Financial Crisis

Ten Years After Lehman Collapsed, We’re Still Screwed

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The collapse of Lehman Brothers 10 years ago today began the financial crisis that crippled and even killed for some the American dream as we had known it. Donald Trump might be starting to change that, at least for Americans who aren’t determined to remain in our bluest and priciest cities.  read more »

The Precariat Shoppe

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The precariat is a term coined to describe the segment of the population that lives without security or predictability. These days it often refers to the former American middle class that’s currently experiencing reduced circumstances. There’s always been a precariat, but it usually includes a minor subset of the population that no one really likes or cares about. Indentured Irish servants, black slaves, Jewish and Italian sweatshop workers, Mexican field hands, Puerto Rican cleaning ladies… It’s a long list.  read more »

The Futility of Annual Top 10 Predictions

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In every recent year, a black swan event has made top 10 lists appear quaintly naive and unimaginative. Our list is probably no better.

This time of year, top 10 predictions are all the rage. These lists can be interesting and entertaining but how useful are they really?

This question goes to the heart of forecasting. How futile or how useful is an attempt to forecast the economy, or technology, or world events for the next twelve months? There are three answers.  read more »

Obama's not so glorious legacy

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Like a child star who reached his peak at age 15, Barack Obama could never fulfill the inflated expectations that accompanied his election. After all not only was he heralded as the “smartest” president in history within months of assuming the White House, but he also secured the Nobel Peace Prize during his first year in office. Usually, it takes actually settling a conflict or two — like Richard Nixon or Jimmy Carter — to win such plaudits.  read more »

A Capital Improvement and Revitalization Idea for Detroit

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You may have heard that Detroit is in the midst of a modest but enduring revival in and around its downtown. Residents and businesses are returning to the city, filling long-vacant skyscrapers, prompting new commercial development and revitalizing adjacent old neighborhoods. As a former Detroiter I'm excited to see the turnaround. After so many false starts, Detroit's post-bankruptcy rebound seems very real.  read more »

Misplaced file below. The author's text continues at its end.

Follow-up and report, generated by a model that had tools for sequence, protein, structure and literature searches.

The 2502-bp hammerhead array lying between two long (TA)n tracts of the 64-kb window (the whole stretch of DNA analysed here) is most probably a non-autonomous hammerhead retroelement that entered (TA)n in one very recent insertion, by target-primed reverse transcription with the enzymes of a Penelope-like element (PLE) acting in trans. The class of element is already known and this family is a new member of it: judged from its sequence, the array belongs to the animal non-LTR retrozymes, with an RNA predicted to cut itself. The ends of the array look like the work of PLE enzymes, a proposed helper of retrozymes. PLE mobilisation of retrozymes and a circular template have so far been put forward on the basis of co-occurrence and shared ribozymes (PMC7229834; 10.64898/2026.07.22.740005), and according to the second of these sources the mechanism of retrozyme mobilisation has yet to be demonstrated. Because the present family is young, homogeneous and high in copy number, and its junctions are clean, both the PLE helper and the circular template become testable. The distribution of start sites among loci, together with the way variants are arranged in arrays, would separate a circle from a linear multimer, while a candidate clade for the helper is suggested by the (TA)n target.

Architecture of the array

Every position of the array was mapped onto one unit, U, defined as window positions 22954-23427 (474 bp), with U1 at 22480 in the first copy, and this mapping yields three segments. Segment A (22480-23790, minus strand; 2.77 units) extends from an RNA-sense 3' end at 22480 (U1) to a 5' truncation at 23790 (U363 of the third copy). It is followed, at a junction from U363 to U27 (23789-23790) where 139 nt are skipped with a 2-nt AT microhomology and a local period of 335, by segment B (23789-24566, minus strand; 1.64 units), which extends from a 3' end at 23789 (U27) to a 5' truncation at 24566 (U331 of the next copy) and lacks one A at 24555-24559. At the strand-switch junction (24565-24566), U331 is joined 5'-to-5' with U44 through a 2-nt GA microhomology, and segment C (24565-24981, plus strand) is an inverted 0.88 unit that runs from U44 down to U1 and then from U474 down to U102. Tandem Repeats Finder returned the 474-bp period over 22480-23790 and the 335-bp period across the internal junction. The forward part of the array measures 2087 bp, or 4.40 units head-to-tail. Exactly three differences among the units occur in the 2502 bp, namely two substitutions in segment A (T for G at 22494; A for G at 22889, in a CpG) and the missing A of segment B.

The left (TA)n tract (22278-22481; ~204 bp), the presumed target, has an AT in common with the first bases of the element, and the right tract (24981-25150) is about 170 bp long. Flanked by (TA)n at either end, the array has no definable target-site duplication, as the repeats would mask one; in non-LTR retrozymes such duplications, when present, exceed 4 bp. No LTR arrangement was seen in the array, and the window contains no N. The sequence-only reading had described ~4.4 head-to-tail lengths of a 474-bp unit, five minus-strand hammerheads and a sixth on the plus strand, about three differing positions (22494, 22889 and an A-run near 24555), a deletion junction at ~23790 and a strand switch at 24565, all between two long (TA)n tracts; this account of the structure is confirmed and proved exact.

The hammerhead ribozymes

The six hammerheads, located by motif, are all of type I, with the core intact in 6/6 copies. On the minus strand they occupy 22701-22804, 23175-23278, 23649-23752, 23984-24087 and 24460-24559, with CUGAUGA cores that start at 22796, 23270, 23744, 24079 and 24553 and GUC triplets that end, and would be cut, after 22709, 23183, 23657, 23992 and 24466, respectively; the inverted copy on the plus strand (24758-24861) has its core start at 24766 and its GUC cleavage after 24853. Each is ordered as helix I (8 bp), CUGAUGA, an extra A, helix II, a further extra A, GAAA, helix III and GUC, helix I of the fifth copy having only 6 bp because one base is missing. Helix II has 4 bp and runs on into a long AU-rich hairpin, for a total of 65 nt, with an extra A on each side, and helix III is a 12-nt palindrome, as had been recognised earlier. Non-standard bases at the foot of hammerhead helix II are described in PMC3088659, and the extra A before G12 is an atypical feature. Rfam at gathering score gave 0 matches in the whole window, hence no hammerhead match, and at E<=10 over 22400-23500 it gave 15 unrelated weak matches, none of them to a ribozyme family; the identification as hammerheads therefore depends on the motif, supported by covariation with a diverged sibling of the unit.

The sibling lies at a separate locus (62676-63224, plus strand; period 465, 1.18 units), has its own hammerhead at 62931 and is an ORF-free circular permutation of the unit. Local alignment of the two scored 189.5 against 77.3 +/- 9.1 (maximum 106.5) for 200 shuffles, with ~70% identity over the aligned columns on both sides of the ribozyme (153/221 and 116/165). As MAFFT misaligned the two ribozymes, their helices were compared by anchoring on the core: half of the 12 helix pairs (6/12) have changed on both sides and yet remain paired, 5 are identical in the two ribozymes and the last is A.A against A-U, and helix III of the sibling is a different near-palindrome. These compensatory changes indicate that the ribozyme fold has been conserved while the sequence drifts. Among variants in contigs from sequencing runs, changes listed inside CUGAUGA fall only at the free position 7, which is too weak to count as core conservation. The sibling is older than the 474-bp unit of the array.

The Incompetence Hypothesis to Explain the Great Recession

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Seeking an understanding of the Great Recession, I am finding that most of the 2008 financial crisis and its aftermath can be explained by incompetence. In the final weeks of writing a book on the systemic failure in US capital markets, I had to re-read the Securities and Exchange Commission (SEC) Inspector General’s 2009 report on their failure to stop Bernard Madoff despite having received credible evidence of a Ponzi scheme.  read more »

Seven Years Ago, Wall Street was the Villain. Now it Gets to Call the Shots

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The recent passage by Congress of new legislation favourable to loosening controls on risky Wall Street trading is just the most recent example of the consolidation of plutocratic power in Washington.  read more »

10 Steps to Financial System Stability: Lessons Not Learned

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Recently, BloombergView writer Michael Lewis called attention to tape recordings made by a Federal Reserve Bank of New York bank examiner who was stationed inside Goldman Sachs’ offices for several months during 2011-2012. She released the tapes to This American Life who aired her story on September 26, 2014.  read more »

Apocalypse Soon? Uneasiness with The Economy

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Seven in 10 Americans say the country is on the wrong track. Americans are unhappy, worried and pessimistic, and their spending is down according to a University of Michigan report. But the same report shows that consumer sentiment is up. Consumer confidence is up, according to the Conference Board, and our own Consumer Demand Index indicates that spending plans are up.  read more »

Are Law School Grads the Future's Paralegals?

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According to recent figures, in the United Kingdom paralegals already make up (as a mean average) 44 percent of all fee earners in solicitors firms, and are on track to outnumber solicitors in firms within a decade. In the US, the Bureau of Labor Statistics projects a 16.7 percent growth in paralegal jobs between 2012 and 2022, adding 46,200 positions. Jobs for attorneys are expected to grow only about 10 percent during that period.  read more »

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